A dad-of-two who annihilated his own family before taking his own life participated in a family FaceTime before the slaughter, an inquest heard.
Robert Needham, 42, used a legally-obtained shotgun to kill daughters, Ava, four, Lexi, two, wife Kelly Fitzgibbons, 40, and the family dog Billy before turning it on himself.
Today, coroner Bridget Dolan QC apologised to the families saying she was sorry the inquest had not answered the single biggest question of why Needham carried out such an act.
She also praised Kelly’s family, who attended the inquest, and said: “I’m so sorry this inquest has not been able to answer why this atrocity happened.”
Ms Dolan said it was clear Needham had killed his family and then himself at the converted farm building in rural West Sussex they shared with his mother in March 2020.
The inquest heard that the family were last seen by a delivery driver who brought takeaway food on the first Saturday night of lockdown.
The builder also took part in a family FaceTime call and nothing was out of the ordinary, the inquest heard.
That night the girls got into their parents’ bed and that is where their bodies were found the next day.
The coroner said it was impossible to know the timing or order in which they were killed, only that Needham was last.
They were all shot from close range or with the muzzle of the gun in direct contact, Ms Dolan said.
She said: “Having brutally murdered his family, Robert took his own life.
“The outstanding question is why these dreadful events happened. There’s an awful lot to speculate on but very little evidence
“I’m very sorry for you there is no explanation. Everybody who investigated this tried to find one for you.
“We just cannot take this point any further. His own family said there was no plausible explanation for his diabolical actions and I agree with that.”
Kelly and Needham were described as a loving couple who had been together for 14 years.
They had some personal debts but nothing unmanageable, the coroner said.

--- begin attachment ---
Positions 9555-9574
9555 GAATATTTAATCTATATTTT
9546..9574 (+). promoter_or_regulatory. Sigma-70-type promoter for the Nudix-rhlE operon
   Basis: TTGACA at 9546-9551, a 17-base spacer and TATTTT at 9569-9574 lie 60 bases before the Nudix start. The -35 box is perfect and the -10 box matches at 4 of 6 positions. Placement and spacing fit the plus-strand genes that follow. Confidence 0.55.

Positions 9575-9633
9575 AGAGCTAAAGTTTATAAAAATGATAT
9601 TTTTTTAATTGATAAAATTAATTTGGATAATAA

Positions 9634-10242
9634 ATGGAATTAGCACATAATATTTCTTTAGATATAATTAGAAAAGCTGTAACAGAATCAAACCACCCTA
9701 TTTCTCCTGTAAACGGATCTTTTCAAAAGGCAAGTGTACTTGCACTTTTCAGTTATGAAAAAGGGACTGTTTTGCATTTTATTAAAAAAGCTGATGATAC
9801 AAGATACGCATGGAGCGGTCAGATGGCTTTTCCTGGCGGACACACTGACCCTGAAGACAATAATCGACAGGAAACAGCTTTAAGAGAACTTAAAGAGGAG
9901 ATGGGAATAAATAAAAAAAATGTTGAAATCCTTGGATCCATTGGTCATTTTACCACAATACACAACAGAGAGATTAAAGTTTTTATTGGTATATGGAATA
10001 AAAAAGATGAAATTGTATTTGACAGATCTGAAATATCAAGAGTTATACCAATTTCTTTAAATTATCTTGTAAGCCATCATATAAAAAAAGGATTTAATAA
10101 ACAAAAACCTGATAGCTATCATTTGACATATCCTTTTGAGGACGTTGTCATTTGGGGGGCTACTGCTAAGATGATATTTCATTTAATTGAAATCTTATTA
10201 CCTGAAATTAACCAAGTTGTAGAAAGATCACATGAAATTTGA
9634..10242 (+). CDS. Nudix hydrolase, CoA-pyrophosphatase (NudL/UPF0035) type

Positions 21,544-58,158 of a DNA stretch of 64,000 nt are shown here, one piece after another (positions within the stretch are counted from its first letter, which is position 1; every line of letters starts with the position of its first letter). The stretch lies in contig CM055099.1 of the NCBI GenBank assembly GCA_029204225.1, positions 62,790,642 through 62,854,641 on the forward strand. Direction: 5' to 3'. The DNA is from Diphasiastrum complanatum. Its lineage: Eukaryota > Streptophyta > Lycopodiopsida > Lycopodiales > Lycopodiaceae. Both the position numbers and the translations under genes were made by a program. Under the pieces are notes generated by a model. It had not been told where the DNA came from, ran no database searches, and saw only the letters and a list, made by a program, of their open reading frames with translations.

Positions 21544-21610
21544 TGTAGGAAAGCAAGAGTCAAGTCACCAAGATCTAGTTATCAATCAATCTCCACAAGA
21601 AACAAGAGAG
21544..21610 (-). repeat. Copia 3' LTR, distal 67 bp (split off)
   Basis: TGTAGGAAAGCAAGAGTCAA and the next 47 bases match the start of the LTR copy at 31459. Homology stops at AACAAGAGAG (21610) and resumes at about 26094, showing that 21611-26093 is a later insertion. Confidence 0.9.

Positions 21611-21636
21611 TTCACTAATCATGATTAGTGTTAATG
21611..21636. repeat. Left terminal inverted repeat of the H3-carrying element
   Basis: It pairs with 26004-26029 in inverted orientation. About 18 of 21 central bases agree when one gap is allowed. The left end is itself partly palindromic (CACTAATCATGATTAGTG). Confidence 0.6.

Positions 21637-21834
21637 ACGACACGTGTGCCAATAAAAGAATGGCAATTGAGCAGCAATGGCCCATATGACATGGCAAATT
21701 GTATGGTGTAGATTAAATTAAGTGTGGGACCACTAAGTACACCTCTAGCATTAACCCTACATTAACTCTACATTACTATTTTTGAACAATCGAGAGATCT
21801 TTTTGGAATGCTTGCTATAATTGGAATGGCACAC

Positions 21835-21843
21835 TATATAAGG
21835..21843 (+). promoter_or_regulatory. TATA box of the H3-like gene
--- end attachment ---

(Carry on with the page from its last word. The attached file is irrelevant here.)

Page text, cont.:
Text messages in the two months leading up to lockdown showed there were tensions in their relationship with Kelly raising the possibility they should take a break.
“However, there were no threats, no swearing, no sustained or lengthy argument,” the coroner said.
His history of cocaine abuse was unlikely to have been a factor, the coroner concluded.
Needham had been treated for depression although he had never been referred to a psychiatrist, the coroner said.
Hampshire and Sussex Police had shown a lack of investigative curiosity when considering Robert Needham’s applications for a shotgun and firearms licence.
The coroner said that even though there are significant questions about the licensing procedure, further scrutiny of his applications would not have led to rejections.
He had lied on the application forms and the police should have investigated further.
The false statements were important but would not have led to his application being refused, the coroner said.
Emotional descriptions of both girls and their mother were read by the coroner.
Emma, Kelly’s twin sister, read part of her eulogy for the inquest. She said: “People couldn’t tell us apart.
“Kelly loved school and, although not sporty, we could never be beaten in a three-legged race.
“She was an amazing sister and we were fiercely loyal to each other. No one made me laugh more.”
She continued: “Everybody would comment on her smile kindness and her funny and caring nature. She was warm and loving and people naturally warmed to her.”
Emma described the loss of her sister and nieces to the family as incomprehensible.
She said: “Ava was a beautiful, angelic little girl. She was a chatterbox with inner strength when she wanted it.”
Lexi had cheekiness all over her, her aunt said.
She added: “Such a character, she greeted every day with energy and enthusiasm.
“We will never understand what happened and we will always feel blessed to have had them in our lives.”